They called it Madre de los Pescados, the Mother of the Fishes.
To this day, peering from the side of our outrigger canoe, or banca, and into the clear water — an embarrassment of fish swimming in large schools just beneath the surface — it’s easy to see what inspired the Spanish to give Bantayan Island its enduring nickname. The island has enough fish to sustain an entire local industry, with a surplus of it to make dried fish. Dried fish — cured in salt and dried in the sun — is synonymous with Cebuano delicacies and de rigueur pasalubong, and approximately 70% of the dried fish supply of mainland Cebu comes from this small island.
But Bantayan is known for something else. Take a scenic three-hour drive to the north end of the Cebu mainland, followed by an hour-long ferry ride across the channel, and you arrive at this flat, 109km2 island, a popular sun-and-sand destination with only three main towns — Santa Fe, Bantayan and Madridejos. Tourist arrivals, mostly from nearby islands, peak around Holy Week preceding Easter Sunday, a movable celebration which falls in the months of March or April. Today we’re on an island-hopping tour, a favorite among tourists hankering for a private island; an illusion of owning a piece of paradise, if only for a few hours. Our little banca rides the frothing waves in the balmy tropical heat for an hour out in the Visayan Sea, speeding towards a small islet called Mambacayao Daku, one of about 20 along the western coast of Bantayan. Because the tidal flats are wide in Bantayan, the bottom is shallow and reflects a cool green on the surface instead of the dark, ominous blue of deep water. We pass through a ring of coral reefs surrounding the island that, on any given day, teem with fish.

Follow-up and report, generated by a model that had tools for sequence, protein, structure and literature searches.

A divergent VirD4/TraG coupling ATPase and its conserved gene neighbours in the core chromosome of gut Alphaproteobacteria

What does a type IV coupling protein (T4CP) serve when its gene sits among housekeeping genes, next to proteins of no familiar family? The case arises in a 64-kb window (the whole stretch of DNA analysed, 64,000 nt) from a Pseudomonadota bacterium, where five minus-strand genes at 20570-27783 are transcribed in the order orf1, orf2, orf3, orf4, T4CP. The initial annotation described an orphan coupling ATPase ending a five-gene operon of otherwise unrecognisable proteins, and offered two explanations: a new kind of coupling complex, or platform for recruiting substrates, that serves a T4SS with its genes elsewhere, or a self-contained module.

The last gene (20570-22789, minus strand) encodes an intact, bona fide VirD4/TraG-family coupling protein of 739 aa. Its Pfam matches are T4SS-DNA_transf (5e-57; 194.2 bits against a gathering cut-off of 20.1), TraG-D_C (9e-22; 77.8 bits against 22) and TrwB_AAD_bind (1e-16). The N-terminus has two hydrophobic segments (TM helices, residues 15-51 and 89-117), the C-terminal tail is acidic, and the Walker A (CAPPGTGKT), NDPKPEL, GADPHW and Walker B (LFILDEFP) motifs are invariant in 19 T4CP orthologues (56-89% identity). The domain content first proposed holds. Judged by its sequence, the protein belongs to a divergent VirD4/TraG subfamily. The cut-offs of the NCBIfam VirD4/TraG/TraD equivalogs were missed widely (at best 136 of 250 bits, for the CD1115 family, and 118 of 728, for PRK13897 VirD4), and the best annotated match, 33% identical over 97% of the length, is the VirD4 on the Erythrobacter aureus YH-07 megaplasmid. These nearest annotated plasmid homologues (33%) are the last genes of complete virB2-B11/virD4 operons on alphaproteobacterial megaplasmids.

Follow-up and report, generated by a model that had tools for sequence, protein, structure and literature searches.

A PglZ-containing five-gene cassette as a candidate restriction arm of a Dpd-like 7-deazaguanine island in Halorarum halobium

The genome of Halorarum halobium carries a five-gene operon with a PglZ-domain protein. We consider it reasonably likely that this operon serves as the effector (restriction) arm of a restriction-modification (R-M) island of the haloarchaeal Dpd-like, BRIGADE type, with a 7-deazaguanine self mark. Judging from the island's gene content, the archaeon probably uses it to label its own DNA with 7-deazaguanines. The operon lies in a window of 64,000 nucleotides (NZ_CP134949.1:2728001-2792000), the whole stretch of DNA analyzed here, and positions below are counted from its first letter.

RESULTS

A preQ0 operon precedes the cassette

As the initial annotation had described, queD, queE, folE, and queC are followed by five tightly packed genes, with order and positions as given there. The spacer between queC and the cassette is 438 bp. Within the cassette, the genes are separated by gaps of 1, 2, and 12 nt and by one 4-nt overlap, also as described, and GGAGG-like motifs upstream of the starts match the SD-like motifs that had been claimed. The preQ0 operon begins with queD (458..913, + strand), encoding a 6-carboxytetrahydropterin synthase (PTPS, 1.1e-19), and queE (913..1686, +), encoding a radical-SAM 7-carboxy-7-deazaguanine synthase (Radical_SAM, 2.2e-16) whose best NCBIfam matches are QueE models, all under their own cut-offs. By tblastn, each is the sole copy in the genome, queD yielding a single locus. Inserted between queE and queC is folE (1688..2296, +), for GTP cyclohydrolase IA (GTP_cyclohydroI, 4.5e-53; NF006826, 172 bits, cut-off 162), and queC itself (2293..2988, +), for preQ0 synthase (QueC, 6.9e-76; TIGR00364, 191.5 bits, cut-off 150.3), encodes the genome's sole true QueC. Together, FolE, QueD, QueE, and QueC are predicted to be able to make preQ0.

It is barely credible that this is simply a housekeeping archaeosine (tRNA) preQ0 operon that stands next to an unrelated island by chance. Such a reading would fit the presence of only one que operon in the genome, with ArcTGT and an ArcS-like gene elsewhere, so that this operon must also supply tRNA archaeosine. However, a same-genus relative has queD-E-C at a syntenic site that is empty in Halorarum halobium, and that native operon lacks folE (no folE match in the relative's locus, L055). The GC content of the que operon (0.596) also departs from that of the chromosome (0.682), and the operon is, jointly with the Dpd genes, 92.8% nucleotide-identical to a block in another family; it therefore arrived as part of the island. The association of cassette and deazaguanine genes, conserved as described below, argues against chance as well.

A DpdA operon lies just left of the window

Despite its burgeoning tourism, centered on the town of Santa Fe on the eastern tip closest to the mainland of Cebu, Bantayan has kept to locally owned resorts and hostels for years. The vibe is certainly small-town-meets-world, with a smattering of three-table bars done in bamboo and thatched nipa roofing, complementing a popular entertainment square with food outlets manned by Greeks, Italians and Spaniards, alongside Filipinos. Many of these entrepreneurs arrived as tourists lured by the beaches but stayed for the incomparable charm and thrifty living on a small island not far from a major metropolis.
“We are at the very navel of the country,” says Vince Escario, the tourism, sports and cultural development consultant to the town of Bantayan’s local government, over the motorboat’s din. “When the Spanish occupied the Philippines, they already knew how strategic the location was, and they founded one of the very first parishes in the country here in 1580.” Then known as the Convento de la Asunción de Nuestra Señora (Convent of the Assumption of Our Lady), the parish church exists to this day in the center of town as the Sts Peter and Paul Church, the former apostle a fisherman. “At that time, the parish jurisdiction reached as far as Guam!” Vince adds.